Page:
I have often said, to just about anyone who would listen, that “the best way to get to know a place is to run it.”
I said this, believing it to be true. I espoused this. I tried to live this, and thought I was doing so. When I travel to a new city, I run it, sure in the knowledge that I will thereby be getting to know the place better than I would any other way.
I have lived in my current neighborhood for more than four years, running locally the whole time. I felt confident saying that, based on my own maxim, I knew this neighborhood.
But I have a confession to make: I was completely full of it.
I know this now because I recently took up a challenge, posed by Rickey Gates, to run every single street in my neighborhood.
After running more than 40 miles of streets and sidewalks, all within a mile and a half of my apartment, I can tell you that I did not know this neighborhood anywhere near as well as I had thought. Before this challenge, I had probably run less than 25% of these streets in four years. And these are the streets that, according to my own saying, I should know better than anybody.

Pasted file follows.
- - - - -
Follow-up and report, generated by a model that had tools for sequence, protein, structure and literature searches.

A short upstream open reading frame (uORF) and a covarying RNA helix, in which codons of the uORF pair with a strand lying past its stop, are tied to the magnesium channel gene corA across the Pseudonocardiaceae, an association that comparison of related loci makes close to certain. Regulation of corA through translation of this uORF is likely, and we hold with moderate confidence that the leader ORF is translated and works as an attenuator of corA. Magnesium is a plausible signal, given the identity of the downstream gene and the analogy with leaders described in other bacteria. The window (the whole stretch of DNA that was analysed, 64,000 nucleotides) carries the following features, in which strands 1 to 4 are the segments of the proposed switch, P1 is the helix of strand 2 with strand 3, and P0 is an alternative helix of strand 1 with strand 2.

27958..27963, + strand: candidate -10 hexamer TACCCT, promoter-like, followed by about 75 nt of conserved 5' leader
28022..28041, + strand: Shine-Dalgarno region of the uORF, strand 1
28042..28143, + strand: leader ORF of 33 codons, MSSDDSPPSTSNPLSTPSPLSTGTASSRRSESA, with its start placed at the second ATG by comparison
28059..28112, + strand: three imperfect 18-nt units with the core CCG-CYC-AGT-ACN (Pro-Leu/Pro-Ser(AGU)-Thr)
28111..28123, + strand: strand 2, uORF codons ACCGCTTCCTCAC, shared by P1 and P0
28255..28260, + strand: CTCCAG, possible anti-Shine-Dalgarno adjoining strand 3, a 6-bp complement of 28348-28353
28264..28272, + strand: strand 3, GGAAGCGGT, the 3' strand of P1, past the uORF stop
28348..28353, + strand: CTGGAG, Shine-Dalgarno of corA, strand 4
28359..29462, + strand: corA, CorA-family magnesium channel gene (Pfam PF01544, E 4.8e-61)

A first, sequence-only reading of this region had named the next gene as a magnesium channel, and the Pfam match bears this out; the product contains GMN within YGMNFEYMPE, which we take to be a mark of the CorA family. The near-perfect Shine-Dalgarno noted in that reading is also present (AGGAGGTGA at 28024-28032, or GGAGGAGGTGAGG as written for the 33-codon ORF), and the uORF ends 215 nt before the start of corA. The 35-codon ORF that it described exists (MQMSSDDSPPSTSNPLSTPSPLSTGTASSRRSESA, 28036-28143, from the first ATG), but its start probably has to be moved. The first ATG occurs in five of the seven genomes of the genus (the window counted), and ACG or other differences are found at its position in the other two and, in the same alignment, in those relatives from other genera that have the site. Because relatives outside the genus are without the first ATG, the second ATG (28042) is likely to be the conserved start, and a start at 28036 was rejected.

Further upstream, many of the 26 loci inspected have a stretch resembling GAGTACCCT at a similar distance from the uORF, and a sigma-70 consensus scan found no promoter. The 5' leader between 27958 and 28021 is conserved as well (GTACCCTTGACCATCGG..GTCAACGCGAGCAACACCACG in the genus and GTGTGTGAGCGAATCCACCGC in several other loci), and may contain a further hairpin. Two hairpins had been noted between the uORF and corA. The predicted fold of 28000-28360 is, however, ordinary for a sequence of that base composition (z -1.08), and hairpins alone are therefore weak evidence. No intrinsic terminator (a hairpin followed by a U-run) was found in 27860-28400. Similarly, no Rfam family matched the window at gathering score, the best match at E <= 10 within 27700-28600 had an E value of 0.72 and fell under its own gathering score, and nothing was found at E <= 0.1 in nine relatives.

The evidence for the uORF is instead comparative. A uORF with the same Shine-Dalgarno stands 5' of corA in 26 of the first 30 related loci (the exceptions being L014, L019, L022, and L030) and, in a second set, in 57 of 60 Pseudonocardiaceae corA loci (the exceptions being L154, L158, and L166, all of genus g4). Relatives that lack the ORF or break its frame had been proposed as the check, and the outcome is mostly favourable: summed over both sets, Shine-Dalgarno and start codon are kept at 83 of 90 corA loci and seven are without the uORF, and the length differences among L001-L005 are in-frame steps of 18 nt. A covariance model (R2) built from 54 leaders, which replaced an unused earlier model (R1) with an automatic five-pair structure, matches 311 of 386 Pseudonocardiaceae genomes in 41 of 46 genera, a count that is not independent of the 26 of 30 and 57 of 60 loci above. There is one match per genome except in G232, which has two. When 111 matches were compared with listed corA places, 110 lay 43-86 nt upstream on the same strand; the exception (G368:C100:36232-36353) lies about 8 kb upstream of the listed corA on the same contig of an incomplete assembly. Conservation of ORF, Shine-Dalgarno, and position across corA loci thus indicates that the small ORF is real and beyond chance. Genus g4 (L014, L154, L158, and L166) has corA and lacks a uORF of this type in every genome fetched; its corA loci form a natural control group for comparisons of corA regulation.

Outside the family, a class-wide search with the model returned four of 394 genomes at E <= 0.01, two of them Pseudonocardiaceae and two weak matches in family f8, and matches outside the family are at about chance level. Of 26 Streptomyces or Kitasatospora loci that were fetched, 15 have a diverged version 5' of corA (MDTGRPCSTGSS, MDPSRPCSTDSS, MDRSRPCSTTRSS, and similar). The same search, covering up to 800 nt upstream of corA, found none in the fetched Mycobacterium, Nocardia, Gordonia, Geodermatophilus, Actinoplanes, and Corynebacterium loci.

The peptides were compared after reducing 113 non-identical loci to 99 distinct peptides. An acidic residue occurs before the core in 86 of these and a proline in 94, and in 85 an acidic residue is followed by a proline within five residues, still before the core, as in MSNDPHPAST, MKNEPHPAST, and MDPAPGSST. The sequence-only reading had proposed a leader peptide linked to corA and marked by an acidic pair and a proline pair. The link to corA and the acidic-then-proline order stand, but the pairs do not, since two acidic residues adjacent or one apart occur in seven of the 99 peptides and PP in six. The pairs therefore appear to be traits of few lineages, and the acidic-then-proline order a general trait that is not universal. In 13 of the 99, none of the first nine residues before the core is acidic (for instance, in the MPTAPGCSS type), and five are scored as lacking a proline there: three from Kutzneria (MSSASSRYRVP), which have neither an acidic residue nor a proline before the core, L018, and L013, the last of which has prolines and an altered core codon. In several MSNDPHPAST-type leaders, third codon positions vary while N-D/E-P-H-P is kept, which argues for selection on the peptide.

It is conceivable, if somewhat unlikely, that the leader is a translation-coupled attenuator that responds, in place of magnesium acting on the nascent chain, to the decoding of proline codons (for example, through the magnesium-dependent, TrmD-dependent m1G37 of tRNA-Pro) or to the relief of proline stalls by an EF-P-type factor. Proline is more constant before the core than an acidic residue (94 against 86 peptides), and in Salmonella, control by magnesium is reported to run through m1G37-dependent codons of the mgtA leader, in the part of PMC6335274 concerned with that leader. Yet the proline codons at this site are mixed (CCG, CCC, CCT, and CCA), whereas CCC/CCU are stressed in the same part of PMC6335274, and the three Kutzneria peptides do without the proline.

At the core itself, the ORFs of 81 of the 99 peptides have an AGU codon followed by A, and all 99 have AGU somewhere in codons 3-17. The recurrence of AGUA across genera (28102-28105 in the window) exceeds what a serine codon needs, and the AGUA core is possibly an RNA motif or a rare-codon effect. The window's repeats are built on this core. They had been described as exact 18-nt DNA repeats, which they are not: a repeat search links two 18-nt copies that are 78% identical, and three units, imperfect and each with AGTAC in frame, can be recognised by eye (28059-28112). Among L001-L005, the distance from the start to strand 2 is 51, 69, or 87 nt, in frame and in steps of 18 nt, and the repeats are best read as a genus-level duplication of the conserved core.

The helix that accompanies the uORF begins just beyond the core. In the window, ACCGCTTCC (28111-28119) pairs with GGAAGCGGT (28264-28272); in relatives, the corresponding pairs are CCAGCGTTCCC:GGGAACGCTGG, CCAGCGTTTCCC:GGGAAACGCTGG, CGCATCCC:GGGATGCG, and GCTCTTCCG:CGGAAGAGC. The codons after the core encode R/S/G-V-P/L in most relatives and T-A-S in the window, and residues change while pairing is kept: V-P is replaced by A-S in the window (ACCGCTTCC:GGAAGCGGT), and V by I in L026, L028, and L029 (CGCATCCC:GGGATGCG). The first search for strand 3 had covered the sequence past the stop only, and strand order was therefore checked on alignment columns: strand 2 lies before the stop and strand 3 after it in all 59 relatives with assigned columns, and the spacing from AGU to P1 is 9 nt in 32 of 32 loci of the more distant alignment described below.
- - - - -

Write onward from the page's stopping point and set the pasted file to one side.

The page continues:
In the process of running every single street I found, among other things, a house that looks like it was transported straight from an English village, a row of mansions overlooking a homeless encampment, more Little Free Libraries than I could have imagined, and a Calvin and Hobbes mural painted on a garage door. I saw eagles, red-tailed hawks, and a fox. I found new allies, through, and dead-ends mere blocks from my front door. And I ran by more than a dozen churches.
So does my theory that the best way to get to know a place is to run it hold true?